Missa Virginis Mariæ In Annuntiatione Domini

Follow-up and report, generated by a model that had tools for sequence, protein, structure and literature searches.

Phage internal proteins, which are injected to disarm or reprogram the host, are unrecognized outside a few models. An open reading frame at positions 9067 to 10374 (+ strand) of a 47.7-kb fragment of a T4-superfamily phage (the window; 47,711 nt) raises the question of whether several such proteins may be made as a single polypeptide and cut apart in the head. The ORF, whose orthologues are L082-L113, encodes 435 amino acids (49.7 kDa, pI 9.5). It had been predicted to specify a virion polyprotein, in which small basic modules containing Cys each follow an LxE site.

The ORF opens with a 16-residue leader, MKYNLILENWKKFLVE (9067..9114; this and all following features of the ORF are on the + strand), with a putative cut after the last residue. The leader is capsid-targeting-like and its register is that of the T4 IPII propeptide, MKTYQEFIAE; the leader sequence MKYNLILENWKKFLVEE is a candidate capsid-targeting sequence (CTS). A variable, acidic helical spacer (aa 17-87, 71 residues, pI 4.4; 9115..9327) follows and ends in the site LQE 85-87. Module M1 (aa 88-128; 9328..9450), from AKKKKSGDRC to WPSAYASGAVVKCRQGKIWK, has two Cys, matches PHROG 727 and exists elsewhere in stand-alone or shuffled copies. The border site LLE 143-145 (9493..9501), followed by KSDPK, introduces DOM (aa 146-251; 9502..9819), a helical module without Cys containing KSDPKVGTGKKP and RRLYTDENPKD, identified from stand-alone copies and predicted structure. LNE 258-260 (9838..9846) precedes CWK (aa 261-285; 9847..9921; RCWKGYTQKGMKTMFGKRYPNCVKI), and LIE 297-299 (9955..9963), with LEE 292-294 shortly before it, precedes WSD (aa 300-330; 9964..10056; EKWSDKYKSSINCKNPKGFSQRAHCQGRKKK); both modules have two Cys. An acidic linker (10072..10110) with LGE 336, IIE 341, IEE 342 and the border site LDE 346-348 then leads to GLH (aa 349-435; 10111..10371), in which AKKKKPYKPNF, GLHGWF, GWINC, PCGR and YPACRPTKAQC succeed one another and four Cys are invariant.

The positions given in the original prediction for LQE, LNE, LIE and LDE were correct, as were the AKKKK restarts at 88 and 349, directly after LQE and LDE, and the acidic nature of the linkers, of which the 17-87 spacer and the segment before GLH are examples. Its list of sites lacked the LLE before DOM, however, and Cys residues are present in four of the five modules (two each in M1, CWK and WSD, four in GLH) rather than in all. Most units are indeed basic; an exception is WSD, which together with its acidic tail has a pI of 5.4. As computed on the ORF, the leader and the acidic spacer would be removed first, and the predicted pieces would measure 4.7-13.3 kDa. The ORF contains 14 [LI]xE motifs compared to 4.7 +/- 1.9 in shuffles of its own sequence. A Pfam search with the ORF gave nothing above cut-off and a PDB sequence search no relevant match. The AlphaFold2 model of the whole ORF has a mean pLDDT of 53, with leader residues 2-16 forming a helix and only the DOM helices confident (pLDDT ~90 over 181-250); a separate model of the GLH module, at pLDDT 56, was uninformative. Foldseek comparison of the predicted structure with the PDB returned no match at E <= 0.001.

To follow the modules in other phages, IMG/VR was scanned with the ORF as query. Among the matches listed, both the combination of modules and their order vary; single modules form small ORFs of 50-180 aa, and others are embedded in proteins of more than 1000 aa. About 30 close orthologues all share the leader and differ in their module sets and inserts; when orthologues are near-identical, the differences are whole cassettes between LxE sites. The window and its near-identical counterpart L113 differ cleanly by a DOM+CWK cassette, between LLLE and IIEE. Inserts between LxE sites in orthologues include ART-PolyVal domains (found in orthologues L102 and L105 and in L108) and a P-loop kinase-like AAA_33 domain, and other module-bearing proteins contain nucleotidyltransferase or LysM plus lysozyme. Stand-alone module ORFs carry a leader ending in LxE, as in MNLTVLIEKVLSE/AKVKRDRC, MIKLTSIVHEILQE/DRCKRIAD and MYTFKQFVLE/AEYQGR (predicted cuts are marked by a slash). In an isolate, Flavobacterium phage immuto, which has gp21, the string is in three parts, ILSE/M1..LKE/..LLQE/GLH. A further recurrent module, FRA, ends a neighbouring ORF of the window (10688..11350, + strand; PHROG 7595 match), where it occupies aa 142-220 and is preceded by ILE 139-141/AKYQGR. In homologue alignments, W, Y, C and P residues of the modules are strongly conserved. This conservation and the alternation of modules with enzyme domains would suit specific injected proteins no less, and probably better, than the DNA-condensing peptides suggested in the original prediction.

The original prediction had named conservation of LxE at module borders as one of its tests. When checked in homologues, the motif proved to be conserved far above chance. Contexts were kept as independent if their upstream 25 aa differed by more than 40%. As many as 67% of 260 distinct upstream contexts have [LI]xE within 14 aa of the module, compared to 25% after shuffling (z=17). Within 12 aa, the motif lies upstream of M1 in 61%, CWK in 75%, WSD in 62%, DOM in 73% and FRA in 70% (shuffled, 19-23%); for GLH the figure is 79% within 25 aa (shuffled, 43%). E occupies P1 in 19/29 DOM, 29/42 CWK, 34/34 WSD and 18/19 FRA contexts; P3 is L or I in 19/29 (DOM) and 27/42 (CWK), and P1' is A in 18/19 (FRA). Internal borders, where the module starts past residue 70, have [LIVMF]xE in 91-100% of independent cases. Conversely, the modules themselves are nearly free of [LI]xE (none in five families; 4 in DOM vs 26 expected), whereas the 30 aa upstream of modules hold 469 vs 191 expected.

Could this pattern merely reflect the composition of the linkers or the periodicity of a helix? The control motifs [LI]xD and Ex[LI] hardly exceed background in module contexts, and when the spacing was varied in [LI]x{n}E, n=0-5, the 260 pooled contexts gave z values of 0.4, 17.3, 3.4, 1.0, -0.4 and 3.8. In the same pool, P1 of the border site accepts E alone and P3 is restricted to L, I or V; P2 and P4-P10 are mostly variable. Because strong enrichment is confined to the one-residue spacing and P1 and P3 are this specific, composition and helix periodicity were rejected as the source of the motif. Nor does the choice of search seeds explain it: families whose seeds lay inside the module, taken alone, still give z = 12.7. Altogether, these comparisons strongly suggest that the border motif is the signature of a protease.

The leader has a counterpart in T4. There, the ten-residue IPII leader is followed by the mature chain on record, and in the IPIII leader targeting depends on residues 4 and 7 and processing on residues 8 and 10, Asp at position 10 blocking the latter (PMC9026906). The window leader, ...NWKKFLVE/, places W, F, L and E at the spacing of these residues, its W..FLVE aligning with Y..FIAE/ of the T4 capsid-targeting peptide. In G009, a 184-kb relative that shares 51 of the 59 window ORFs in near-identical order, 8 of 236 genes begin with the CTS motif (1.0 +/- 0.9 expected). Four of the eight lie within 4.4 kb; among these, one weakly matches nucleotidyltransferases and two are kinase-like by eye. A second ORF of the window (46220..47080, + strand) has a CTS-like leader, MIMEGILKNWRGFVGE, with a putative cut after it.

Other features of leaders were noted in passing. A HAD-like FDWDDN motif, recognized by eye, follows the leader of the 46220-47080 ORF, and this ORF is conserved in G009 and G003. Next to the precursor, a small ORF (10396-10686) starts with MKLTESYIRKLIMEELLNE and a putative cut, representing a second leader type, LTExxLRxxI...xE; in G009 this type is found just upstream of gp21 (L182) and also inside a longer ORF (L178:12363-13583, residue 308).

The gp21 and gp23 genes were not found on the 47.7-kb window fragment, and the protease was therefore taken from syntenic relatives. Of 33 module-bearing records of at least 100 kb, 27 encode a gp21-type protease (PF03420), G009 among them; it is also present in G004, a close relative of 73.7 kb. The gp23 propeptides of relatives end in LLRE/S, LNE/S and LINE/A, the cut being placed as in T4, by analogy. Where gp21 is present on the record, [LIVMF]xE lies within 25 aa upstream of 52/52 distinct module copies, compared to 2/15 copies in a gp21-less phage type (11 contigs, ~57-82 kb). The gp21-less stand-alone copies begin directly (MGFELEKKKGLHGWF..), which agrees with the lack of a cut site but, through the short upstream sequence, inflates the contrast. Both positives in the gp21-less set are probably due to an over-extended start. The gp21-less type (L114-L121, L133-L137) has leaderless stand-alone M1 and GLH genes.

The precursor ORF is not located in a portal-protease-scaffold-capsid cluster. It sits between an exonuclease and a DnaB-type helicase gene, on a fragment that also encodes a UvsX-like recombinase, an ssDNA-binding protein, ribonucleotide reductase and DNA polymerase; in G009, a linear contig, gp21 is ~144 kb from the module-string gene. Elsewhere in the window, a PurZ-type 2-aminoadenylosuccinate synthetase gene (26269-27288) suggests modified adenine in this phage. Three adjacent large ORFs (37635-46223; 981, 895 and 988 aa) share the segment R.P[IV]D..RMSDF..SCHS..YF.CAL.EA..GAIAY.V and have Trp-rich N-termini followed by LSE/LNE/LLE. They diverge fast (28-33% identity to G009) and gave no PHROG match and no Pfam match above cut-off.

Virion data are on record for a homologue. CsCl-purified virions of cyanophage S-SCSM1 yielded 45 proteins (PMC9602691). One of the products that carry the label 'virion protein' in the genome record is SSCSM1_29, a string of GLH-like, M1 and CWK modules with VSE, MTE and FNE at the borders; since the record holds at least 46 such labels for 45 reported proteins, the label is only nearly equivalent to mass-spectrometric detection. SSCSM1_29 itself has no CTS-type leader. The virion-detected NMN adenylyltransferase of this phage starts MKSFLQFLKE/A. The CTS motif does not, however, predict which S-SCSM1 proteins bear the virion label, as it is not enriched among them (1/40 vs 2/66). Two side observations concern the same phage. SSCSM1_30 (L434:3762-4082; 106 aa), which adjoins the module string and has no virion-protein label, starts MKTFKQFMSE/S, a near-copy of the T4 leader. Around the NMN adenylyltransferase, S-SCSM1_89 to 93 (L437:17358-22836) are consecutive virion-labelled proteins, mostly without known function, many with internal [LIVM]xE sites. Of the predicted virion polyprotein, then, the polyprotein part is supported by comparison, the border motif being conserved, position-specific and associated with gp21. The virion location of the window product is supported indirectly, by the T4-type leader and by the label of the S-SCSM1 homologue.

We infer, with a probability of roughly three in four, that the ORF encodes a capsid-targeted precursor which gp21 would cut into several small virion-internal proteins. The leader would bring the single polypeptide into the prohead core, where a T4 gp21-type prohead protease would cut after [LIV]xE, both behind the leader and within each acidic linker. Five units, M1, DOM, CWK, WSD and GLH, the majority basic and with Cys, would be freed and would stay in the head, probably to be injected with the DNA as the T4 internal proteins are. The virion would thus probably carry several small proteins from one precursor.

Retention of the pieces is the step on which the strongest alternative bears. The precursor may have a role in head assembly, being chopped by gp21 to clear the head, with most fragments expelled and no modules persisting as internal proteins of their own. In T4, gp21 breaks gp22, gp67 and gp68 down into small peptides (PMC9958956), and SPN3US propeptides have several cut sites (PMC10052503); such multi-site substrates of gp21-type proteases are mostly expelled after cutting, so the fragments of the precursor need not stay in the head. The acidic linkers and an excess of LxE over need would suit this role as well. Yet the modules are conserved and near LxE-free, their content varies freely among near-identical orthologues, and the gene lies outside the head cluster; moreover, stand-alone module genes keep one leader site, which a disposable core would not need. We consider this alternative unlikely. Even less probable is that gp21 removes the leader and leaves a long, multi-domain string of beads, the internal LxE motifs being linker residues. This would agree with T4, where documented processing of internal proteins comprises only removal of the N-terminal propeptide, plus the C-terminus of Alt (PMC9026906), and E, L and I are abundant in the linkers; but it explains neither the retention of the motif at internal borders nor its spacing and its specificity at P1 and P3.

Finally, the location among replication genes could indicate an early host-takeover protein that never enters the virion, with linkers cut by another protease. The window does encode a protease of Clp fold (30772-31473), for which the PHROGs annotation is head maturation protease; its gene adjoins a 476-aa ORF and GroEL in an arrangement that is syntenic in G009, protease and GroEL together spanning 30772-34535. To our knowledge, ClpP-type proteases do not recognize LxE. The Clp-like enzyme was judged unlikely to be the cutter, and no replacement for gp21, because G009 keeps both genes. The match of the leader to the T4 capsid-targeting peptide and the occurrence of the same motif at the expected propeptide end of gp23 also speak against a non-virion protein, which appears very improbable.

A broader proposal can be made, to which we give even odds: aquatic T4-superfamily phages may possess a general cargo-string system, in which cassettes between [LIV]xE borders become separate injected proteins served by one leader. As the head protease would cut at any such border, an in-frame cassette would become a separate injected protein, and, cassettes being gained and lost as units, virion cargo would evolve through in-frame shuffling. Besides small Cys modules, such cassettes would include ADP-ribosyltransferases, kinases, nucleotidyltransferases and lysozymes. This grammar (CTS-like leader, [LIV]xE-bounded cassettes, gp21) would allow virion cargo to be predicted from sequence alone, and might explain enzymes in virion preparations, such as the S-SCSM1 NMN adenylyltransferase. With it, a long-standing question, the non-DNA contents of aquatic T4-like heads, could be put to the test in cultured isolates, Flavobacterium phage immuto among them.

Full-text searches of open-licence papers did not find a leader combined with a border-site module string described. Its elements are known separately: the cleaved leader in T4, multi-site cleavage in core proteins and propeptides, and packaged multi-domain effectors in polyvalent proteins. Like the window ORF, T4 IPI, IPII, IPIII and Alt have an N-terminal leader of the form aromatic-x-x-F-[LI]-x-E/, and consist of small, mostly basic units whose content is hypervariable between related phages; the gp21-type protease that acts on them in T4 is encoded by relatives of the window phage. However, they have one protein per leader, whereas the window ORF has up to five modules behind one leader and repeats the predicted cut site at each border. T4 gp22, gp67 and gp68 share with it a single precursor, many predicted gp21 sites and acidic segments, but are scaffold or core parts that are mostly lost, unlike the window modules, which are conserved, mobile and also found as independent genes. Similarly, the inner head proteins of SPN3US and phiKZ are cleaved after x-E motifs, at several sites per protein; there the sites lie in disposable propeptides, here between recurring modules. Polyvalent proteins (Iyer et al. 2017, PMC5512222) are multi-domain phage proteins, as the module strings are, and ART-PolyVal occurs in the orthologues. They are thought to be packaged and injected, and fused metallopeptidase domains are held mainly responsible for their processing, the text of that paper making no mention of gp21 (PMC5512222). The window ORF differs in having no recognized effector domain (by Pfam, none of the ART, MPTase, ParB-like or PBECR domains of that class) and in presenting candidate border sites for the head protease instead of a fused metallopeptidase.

Of particular interest among Merulo’s works for organ are the two Libri di toccate. In the Primo libro, the structure consists of a fugal piece framed by two toccata-like parts. In the Libro secondo, the clearly virtuosic elements of the toccata, such as quick passages and trills, tend to transmigrate within the fugal structure. The contemplative severity of the fugue thus assumes the brilliant musical connotations typical of the toccata. In Merulo’s hands, the toccata already takes on the formal peculiarities which characterize it in its later development, especially in the alternation with the fugue, and it thus constitutes a harmonious musical edifice, albeit within the specificity of the form. Among those genres, which most directly concern us here, the Masses reveal the composer’s great skill in handling the plain chant, with highly developed versicles enriched by embellishments and divisions. Such a form originated from the practice of alternating the chant of the choir with an instrumental interlude from the organ. From the earliest days of the Christian liturgy, the chant had alternated between two choirs, following the practice of antiphony. Now the novelty lay in the fact that the organ, substituting the alternating choir, had its own liturgical personality. This practice of substituting the chant of one of the two choirs with elaborations on the organ was in turn rooted in the 14th century (the Faenza codex), and we find testimony to its use throughout the entire renaissance period. The alternatim, as this liturgical practice was commonly called, concerned only the chant of the Ordinarium Missæ (Kyrie, Gloria, Sanctus, Agnus Dei and possibly the Credo) rather than the Proprium Missæ (Introito, Graduale, Alleluia, Offertorio and Communio, the texts of which varied), which remained the duty of the choir and was intoned on the Gregorian melody.